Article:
Subluxation Degeneration

Subluxation, if left untreated, will cause a progressive process of deterioration in the spine

Near Normal 

This is a side x-ray view of the neck.  As with all the pictures you will see on this page, the patient is looking to the right of the screen, so you are viewing the right side of their neck.  We will call this picture a “near normal” spine.  Compare this spine with the ones you will see below on this page.  Notice the normal forward curve of the neck.  This curve helps absorb shock.  Notice how each of the disc spaces between C2 (second bone in neck) and C7 are thick and even, this again is normal.
  Also notice how the front portions (right on the x-ray) of each of the vertebrae (called the ‘body’ of the vertebrae) are fairly square with clear and well defined borders. This type of arrangement is normal in the neck.  Normal vertebrae in other parts of the spine also have similar characteristics to what we see here. When subluxations occur and are left uncorrected, ongoing relentless changes occur that result in damage to the structure and function of the spine along with nerve damage and the resulting problems caused from improper nerve supply.

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Phase One Subluxation Degeneration 

Phase One Subluxation Degeneration is seen in subluxations that have been present for up to twenty years.  This phase is characterized with a loss or change in the normal curve in the spine.  On this example you can see that the normal forward (lordotic) curve is lost.  This spine even has developed a reverse curve in the neck. The disc spaces have also begun to exhibit a slight change in shape.  One good point is that the bodies of each of the vertebrae (the square part in front) still exhibits clean clear borders.
Segmental motion  may be abnormal but overall motion is probably not affected.  More than 80% of people with Phase One Subluxation Degeneration have no pain.  Therefore, if left uncorrected, phase one continues to progress with time until it eventually reaches the next phase.

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Phase Two Subluxation Degeneration 

Phase two subluxation degeneration is normally seen in subluxations that have been present between 10 and 30 years.  This phase has some of the same characteristics of the previous phase including a loss of normal curvature and position as well as an alteration in segmental motion.  In addition, spines with Phase Two Subluxation Degeneration many times show a reduction in the patient’s range of motion in that area.  X-rays of a phase two begin to show calcium changes or buildup at certain levels of the spine.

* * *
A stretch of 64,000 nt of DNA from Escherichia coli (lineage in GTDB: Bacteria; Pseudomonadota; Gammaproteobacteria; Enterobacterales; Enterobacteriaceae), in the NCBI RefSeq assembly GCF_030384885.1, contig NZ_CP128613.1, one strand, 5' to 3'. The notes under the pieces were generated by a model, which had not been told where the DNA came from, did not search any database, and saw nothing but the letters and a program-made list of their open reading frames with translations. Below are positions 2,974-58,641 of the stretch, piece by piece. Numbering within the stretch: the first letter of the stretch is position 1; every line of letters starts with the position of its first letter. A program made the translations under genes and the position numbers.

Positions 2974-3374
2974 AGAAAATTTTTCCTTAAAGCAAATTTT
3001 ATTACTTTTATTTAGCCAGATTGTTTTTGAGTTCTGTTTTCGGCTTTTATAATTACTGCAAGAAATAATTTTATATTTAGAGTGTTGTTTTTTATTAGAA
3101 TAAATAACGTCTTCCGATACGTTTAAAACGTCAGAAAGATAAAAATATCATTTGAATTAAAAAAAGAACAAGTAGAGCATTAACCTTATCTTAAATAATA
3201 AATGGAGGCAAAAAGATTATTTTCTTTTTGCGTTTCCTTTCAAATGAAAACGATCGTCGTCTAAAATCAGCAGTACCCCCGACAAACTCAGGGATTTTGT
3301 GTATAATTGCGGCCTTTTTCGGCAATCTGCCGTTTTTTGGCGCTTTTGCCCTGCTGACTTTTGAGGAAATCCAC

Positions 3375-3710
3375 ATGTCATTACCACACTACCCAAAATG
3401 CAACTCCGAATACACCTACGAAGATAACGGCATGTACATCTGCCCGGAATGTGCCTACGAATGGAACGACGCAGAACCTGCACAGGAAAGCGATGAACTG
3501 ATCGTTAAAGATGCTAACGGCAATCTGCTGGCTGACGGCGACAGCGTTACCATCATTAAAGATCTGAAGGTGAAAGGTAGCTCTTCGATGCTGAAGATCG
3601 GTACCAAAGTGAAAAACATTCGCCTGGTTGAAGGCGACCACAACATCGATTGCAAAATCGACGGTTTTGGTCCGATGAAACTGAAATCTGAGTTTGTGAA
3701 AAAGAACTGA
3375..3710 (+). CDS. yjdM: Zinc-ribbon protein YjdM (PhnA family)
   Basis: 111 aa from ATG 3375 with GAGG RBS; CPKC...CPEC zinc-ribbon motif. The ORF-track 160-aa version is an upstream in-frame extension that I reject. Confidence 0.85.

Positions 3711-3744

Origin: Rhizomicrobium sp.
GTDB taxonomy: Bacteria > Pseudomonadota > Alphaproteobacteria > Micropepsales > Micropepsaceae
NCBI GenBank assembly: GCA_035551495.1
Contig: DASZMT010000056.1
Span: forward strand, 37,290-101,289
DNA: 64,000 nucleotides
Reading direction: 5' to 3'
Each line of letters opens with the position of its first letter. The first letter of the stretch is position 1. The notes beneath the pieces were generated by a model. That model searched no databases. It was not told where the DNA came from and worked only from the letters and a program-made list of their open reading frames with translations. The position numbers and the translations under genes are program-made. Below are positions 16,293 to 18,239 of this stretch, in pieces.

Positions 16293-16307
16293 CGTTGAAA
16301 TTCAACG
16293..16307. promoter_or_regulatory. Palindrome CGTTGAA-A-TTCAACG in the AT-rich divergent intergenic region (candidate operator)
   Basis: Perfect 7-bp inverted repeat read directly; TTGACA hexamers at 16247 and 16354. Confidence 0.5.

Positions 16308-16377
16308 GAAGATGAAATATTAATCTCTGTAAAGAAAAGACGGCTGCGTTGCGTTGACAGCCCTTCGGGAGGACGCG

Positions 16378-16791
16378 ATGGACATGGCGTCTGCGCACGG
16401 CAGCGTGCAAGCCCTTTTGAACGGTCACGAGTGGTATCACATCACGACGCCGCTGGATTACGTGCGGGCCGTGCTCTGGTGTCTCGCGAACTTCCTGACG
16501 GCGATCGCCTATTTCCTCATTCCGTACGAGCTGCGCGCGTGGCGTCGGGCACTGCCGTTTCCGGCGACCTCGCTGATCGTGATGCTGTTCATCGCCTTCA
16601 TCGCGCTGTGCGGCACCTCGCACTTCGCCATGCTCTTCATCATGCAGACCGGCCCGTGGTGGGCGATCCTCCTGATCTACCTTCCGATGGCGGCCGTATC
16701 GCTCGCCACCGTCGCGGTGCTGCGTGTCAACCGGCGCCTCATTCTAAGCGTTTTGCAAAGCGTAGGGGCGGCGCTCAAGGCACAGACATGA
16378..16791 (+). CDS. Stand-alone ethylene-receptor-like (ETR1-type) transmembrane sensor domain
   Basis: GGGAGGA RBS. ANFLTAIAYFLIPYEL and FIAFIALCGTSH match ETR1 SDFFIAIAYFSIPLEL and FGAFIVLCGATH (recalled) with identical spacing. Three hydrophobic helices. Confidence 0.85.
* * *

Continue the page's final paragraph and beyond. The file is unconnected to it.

These changes are sometimes called by many names including spurs and arthritis.  Disc spaces between the affected vertebrae are noticeably narrower and may appear to be flattening out.  Although most people with Phase Two Subluxation Degeneration may not exhibit any symptoms, some may start to feel stiff or achy.  Again, if Phase Two Subluxation Degeneration is left uncorrected it slowly advances to the next phase.

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Phase Three  Subluxation Degeneration

Phase Three Subluxation Degeneration is caused by subluxations that have been continuing on for between 30 and 65 years.  This phase has all of the attributes of the previous phases, only worse.  The curvatures are abnormal, the disc spaces are vastly decreased and changed.  Calcium changes on the spine are abundant in this phase.  Normally, people in phase three have a restricted range of motion and probably exhibit symptoms of some kind.  In phase three the vertebrae show obvious changes and mutations in shape.
Projections made of calcium, sometimes referred to as “spurs or lipping”, can be readily seen on x-ray.  As before, if Phase Three Subluxation Degeneration is left unchecked it slowly advances onward into the next phase.

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Phase Four Subluxation Degeneration 

Phase four subluxation degeneration is seen with subluxations that have been raging on uncorrected or altered for over sixty five years.  Phase four is a grave condition that will negatively affect the patients longevity and quality of life.  The massive amount of neurological damage caused by years of subluxation that have lead to phase four are probably taking a serious toll on this person’s health status.  X-rays in phase four show serious severe structural changes.  Vertebrae exhibit massive calcium changes, disc spaces appear blurred, and the bones themselves appear fused. 
In this scenario the patient will have a severe restriction of range of motion in addition to probably a number of other health issues. Reconstruction may not be possible in phase four, but care can be directed to some reduction in subluxation with the goal of improvement in the quality of life remaining.  Patients in Phase Four Subluxation Degeneration have a serious situation both structurally and neurologically, but they are certainly not beyond hope.  Many patients in phase four report significant improvements in symptoms, conditions, mobility and quality of life.

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